Applying sunscreen is the most common way to protect the skin from the sun’s radiation, but not everyone uses the most suitable product and not everyone remembers to re-apply it after a few hours. For some time now, more convenient alternatives for avoiding UV damage have been investigated. Oral photoprotectors could be one solution.
These products are sold as a method to protect the skin of the entire body evenly and uniformly, with no need to worry about sweat or contact with clothes or water, as happens with sunscreens. Oral sunscreens essentially contain antioxidants (carotenoids, polyphenols, flavonoids, etc.) and vitamins (C, E) that restore damage to DNA caused by UV rays. So far, however, they have not been shown to provide sufficient protection to be able to replace sun creams and, even less, to replace coverup clothing, sunhats and sunglasses. Read More
It may take a few hours for you to realise that you got sunburned while sunbathing. Similarly, the mutations that ultraviolet (UV) radiation can cause in DNA and that lead to the dreaded skin cancer continue for several hours after you’ve left the beach or the mountains and the sun has gone down.
Researchers at Yale University – led by Douglas E. Brash, a professor of radiology and dermatology – have published a study in Science that demonstrates that melanin, the pigment that darkens the skin to protect it from harm inflicted by UV rays, also has its downside. Certain components of this pigment are involved in the onset of DNA lesions that can cause the mutations responsible for melanoma – which continue for up to four hours after sun exposure has ended. Read More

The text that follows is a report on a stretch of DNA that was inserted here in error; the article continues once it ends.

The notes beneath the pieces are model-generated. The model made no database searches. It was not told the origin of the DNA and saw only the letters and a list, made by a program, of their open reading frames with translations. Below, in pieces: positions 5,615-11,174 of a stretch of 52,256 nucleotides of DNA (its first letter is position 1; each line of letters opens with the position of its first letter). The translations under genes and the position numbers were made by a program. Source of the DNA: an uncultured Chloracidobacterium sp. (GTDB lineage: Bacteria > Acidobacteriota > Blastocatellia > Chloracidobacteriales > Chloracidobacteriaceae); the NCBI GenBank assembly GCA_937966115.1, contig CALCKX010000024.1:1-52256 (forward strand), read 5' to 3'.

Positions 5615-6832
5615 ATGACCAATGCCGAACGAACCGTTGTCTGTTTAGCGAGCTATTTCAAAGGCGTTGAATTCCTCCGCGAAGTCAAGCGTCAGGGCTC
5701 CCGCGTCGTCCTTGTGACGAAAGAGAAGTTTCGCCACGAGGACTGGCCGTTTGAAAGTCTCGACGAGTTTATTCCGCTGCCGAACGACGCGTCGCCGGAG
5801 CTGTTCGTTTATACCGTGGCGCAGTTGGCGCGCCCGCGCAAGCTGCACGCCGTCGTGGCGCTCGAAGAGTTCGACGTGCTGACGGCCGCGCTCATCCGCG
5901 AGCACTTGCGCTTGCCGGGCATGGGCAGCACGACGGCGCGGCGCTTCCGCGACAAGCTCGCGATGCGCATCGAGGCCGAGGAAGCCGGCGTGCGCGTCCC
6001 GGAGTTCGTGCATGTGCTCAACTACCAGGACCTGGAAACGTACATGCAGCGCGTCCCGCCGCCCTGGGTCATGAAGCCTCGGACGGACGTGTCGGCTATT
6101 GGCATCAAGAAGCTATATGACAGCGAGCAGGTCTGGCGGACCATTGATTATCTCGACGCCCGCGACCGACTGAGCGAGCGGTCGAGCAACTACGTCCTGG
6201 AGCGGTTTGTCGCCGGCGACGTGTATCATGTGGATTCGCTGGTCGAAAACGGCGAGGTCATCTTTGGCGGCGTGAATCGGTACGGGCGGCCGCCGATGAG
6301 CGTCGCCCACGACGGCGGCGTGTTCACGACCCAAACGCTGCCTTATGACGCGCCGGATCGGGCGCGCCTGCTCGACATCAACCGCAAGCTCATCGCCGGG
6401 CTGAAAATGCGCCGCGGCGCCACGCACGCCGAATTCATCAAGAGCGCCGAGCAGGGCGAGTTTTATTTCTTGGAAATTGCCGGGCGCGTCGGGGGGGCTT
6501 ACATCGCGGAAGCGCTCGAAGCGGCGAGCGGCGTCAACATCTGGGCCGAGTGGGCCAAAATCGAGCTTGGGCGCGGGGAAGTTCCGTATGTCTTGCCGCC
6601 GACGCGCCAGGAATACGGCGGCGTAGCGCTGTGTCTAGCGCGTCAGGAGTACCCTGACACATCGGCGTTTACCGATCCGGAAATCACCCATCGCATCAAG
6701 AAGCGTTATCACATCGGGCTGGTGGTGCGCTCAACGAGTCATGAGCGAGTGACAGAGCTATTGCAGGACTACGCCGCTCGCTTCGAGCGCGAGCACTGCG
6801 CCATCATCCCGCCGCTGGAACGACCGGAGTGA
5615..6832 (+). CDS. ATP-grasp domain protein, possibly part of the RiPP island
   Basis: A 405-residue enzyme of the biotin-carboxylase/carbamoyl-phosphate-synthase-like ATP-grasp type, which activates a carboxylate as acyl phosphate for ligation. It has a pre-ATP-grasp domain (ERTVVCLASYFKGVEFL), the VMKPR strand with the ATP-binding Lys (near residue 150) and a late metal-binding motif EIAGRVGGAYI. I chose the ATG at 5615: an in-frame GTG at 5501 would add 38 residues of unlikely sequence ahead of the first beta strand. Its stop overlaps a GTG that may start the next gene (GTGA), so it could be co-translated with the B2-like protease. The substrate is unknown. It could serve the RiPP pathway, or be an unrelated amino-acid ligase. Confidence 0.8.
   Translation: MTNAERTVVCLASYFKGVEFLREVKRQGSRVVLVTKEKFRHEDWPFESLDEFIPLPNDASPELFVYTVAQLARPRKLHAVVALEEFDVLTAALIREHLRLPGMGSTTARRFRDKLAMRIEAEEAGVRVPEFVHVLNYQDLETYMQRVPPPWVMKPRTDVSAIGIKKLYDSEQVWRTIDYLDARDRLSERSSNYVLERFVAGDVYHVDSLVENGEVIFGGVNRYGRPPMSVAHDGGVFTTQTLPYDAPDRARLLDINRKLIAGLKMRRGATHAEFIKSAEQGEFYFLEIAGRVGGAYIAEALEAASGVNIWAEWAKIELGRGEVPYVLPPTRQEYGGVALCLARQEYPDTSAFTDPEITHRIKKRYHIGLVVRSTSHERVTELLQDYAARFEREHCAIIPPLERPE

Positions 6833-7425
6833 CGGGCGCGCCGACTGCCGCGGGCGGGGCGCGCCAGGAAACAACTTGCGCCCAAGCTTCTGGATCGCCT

Humans, without being aware of it, have an internal biological clock that controls many of their bodily functions. The skin also has these circadian rhythms and organizes its activities according to the hours of the day and the night to be more effective. This way we can know when is the optimum moment to apply a cosmetic product on the skin.
A healthily functioning human body relies on internal biological rhythms and patterns. These circadian rhythms are controlled by an "internal clock", located in the brain, that modulates the metabolism of organs and tissues 24 hours a day. The science that studies these processes is called chronobiology. Scientific studies have demonstrated how our skin cells are governed by circadian rhythms that directly affect cell regeneration in the epidermis. Read More
When we refer to the sun and to tanning, we refer to melanin. Melanin is produced when the sun touches the skin, making us go brown. This pigment darkens the skin to protect it from the damage caused by ultraviolet (UV) rays. Our hair and the iris of the eye also contain melanin. But what exactly is melanin and what is it for?
Melanin is not unique to humans, but is to be found in most living things. Thanks to melanin, some animals can change their colour as camouflage and plants have different colours. The melanin pigment is derived from tyrosine, an amino acid essential for our body to function properly. Melanin is made in the melanocytes (epidermal cells) and also in the hair follicles. It’s a bit like a coloured crayon, responsible for brownish and reddish tones in the skin and hair. But its main function is, in fact, to protect us against the damaging effects of UV radiation. Read More